Kabel-X Goes on the Pull

Startup looks to extract dollars from MSOs with patented system that can rapidly extract old coax for repairs and upgrades

Jeff Baumgartner, Senior Editor

October 15, 2008

3 Min Read
Kabel-X Goes on the Pull

Kabel-X USA LLC believes it can make cable operators' upgrades easier, faster, cheaper, and cleaner, with a new tool that enables MSOs to yank out coaxial lines for repairs and fiber upgrades without the mess and expense of more traditional construction methods.

Kabel-X says the patented process pulls out the core of existing, deployed cable, leaving the outer sheath in the ground or in aerial plant.

It does that by injecting a specially engineered fluid at high pressure down the length of the cable. The lubricating fluid (the company claims it's "non-hazardous") creates a micro-layer around the cable and breaks down the chemical bonds.

Once a good ring of fluid is around the cable, workers should be able to yank it out without much resistance. The extraction can be done using a special winch or, if the crew is up to it, by hand.

Pump It Up

Now, Pull!

"We've pulled 600 feet of coax by hand," says Kabel-X executive vice president Darin Clause. "It doesn't take a lot of force."

The method leaves the outer sheath in place, allowing the operator to reuse it and feed in new coax or fiber. The company envisions cable operators using the system for fiber-to-the-premises (FTTP) upgrades, to fix bad coax, or to straighten out clogged areas.

The company claims its system can pull 500 to 600 feet of coax in less than 90 minutes, about half the time that would be required using standard construction methods. "Two-thousand to 3,000 feet per day is not out of the question in terms of production efficiency," Clause says, noting that most applications of Kabel-X's system don't require special permits.

When time and other expenses are factored in, Kabel-X estimates that its method reduces costs as much as 60 percent over traditional construction methods. But Kabel-X declined to give specific pricing, noting only that the process is typically charged on a per-foot basis.

The method was developed by Austrian firm Kabel-X about four years ago, centering its use on telco lines and scoring deals with operators such as Deutsche Telekom AG (NYSE: DT).

Miami-based Kabel-X USA, founded last spring, has the North American rights to market and sell the system, but is credited for developing a process for coax lines. It introduced the system to U.S. cable operators in June at the Society of Cable Telecommunications Engineers (SCTE) Cable-Tec Expo in Philadelphia.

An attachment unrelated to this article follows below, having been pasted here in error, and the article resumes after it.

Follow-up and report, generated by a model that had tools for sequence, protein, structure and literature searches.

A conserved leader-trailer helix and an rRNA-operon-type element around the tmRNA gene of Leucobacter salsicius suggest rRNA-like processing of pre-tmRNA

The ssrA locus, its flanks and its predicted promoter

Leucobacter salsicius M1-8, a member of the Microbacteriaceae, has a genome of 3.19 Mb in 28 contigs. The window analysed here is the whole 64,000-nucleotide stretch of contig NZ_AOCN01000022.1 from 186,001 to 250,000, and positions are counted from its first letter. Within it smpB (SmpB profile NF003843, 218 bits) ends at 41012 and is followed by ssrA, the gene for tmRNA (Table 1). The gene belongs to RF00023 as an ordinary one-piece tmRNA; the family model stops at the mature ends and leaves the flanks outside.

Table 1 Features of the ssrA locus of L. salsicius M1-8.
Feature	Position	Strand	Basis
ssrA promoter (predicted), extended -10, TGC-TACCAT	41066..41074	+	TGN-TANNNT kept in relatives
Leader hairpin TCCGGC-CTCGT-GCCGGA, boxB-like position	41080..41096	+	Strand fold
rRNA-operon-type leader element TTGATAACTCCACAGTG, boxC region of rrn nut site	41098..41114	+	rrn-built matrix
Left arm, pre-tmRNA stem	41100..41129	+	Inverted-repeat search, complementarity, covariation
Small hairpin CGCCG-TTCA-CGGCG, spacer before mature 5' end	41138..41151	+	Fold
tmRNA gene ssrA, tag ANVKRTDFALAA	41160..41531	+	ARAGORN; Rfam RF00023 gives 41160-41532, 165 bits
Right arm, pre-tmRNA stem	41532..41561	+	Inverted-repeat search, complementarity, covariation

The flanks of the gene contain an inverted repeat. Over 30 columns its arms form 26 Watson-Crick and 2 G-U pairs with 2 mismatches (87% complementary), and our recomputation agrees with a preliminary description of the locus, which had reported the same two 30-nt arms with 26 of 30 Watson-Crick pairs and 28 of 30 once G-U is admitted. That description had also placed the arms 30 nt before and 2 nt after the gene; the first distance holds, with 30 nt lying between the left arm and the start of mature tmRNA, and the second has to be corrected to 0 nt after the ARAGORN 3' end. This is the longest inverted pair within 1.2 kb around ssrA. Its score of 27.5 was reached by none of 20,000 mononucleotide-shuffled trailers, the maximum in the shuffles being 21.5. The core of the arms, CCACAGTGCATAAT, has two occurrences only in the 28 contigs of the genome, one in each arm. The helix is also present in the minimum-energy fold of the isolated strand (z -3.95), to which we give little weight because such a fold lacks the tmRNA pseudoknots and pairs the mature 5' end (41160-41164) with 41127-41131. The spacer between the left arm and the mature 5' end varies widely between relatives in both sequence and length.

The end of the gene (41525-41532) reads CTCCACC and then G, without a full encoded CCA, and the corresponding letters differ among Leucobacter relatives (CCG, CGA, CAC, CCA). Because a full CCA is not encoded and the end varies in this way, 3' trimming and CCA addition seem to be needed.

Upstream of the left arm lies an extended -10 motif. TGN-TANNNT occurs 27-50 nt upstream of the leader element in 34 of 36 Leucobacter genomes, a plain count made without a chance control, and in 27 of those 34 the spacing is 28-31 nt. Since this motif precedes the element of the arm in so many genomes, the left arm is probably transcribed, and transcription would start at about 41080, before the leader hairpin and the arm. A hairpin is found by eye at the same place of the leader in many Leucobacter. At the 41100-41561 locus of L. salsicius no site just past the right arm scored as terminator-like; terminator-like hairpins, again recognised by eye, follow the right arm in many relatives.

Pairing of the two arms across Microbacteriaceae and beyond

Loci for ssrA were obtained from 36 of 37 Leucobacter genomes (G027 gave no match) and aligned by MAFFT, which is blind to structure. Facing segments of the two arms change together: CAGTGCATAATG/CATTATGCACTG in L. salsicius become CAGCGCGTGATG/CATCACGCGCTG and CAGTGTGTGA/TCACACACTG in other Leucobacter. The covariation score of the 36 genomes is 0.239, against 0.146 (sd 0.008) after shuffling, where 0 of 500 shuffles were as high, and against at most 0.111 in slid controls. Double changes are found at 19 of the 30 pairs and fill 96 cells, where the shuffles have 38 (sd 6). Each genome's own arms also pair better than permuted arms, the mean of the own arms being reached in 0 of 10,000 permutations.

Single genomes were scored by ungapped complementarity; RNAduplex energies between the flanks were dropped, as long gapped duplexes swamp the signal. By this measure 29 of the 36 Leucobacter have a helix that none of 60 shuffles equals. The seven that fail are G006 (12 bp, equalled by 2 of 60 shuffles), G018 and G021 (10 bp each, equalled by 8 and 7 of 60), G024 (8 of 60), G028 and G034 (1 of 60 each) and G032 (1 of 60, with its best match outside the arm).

"As we evaluated [the technology] we discovered that a hardline solution could be very valuable for cable operators in North America," says Clause.

But Kabel-X, which has about 20 employees stateside, is not in the business of providing the cable extraction service itself. Instead, the company is selling its technology (the pumps and the fluid) and the know-how to cable operators and their contractors.

To date, Kabel-X has lined up about 10 U.S. cable trials, including one with Bresnan Communications LLC . Quanta Services, a contracting firm, has rolled out more than 20 Kabel-X units to support its cable and telco customers.

Although the system can be used for telco lines, Kabel-X is seeing more interest for the cable application in the U.S. The Kabel-X process for coax also works about twice as fast as it does on twisted pair cable, Clause notes.

— Jeff Baumgartner, Site Editor, Cable Digital News

About the Author(s)

Jeff Baumgartner

Senior Editor, Light Reading

Jeff Baumgartner is a Senior Editor for Light Reading and is responsible for the day-to-day news coverage and analysis of the cable and video sectors. Follow him on X and LinkedIn.

Baumgartner also served as Site Editor for Light Reading Cable from 2007-2013. In between his two stints at Light Reading, he led tech coverage for Multichannel News and was a regular contributor to Broadcasting + Cable. Baumgartner was named to the 2018 class of the Cable TV Pioneers.

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